Reflecting on the importance of art education led me to a more neutral position on ‘cookie cutter art’.

We all bring a different set of reasons to what we do, but my own personal ‘why’ of art education is this: I believe so strongly that today’s world desperately needs creative problem solvers, innovators, and thinkers. Art develops these skills by expanding our tolerance for uncertainty and our willingness to embrace mistakes as opportunities for learning. These are must-have qualities for successful problem solvers!

Art education also inspires creativity and gives students the tools they need for self-expression, through instruction in art history, theory, methods, techniques, and use of materials. Art education is more essential now than ever before, and because of this, I’ve come to believe we need to welcome it in all its forms.

If you’ve been blessed with formal training in art education, then by all means you should use every skill you’ve got to deliver the best art instruction you can to your students. But not everyone who believes art is important has this training, and not every school has the budget to offer art as a regular part of its curriculum. In times like these, teaching needs to fit not only the student, but also the teacher. And as with art itself, there is more than one right answer.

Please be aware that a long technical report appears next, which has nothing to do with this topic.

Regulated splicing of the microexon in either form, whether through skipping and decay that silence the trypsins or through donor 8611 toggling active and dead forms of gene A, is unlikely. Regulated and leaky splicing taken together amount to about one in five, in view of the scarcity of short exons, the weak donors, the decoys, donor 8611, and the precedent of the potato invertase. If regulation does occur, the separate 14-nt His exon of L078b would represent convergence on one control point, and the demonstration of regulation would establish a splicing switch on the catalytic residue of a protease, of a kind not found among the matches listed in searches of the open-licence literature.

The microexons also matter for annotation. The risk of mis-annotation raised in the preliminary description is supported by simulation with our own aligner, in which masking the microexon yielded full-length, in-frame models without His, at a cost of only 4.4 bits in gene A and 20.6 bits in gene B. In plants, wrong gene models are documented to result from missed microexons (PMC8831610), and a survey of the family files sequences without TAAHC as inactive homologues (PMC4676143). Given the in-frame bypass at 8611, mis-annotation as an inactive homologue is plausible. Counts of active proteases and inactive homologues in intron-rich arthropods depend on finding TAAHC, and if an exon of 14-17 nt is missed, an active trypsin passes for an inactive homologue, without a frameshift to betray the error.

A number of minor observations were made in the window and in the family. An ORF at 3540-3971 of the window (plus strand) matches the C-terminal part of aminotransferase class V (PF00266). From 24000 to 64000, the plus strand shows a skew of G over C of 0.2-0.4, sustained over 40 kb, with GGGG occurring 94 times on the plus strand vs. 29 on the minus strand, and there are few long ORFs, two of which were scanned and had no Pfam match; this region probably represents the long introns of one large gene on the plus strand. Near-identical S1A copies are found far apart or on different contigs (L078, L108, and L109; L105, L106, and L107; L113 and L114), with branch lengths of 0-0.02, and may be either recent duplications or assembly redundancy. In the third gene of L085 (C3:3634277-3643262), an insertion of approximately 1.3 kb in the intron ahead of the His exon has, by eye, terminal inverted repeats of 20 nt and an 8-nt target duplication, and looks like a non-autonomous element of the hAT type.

How about the parent volunteers who have little or no art experience themselves but see the need for kids to have art in their school day? God bless them! They should be encouraged to use whatever they need in order to share an art experience of any kind, and not be judged for a lack of originality someone might see in their students’ work. Even if the only thing a student takes away is how to follow step-by-step instructions, that’s a life skill in itself. We need to remember that whether it’s a case of limited experience, limited time, or a limited budget, we’re all just doing the best we can with what we’ve got to work with.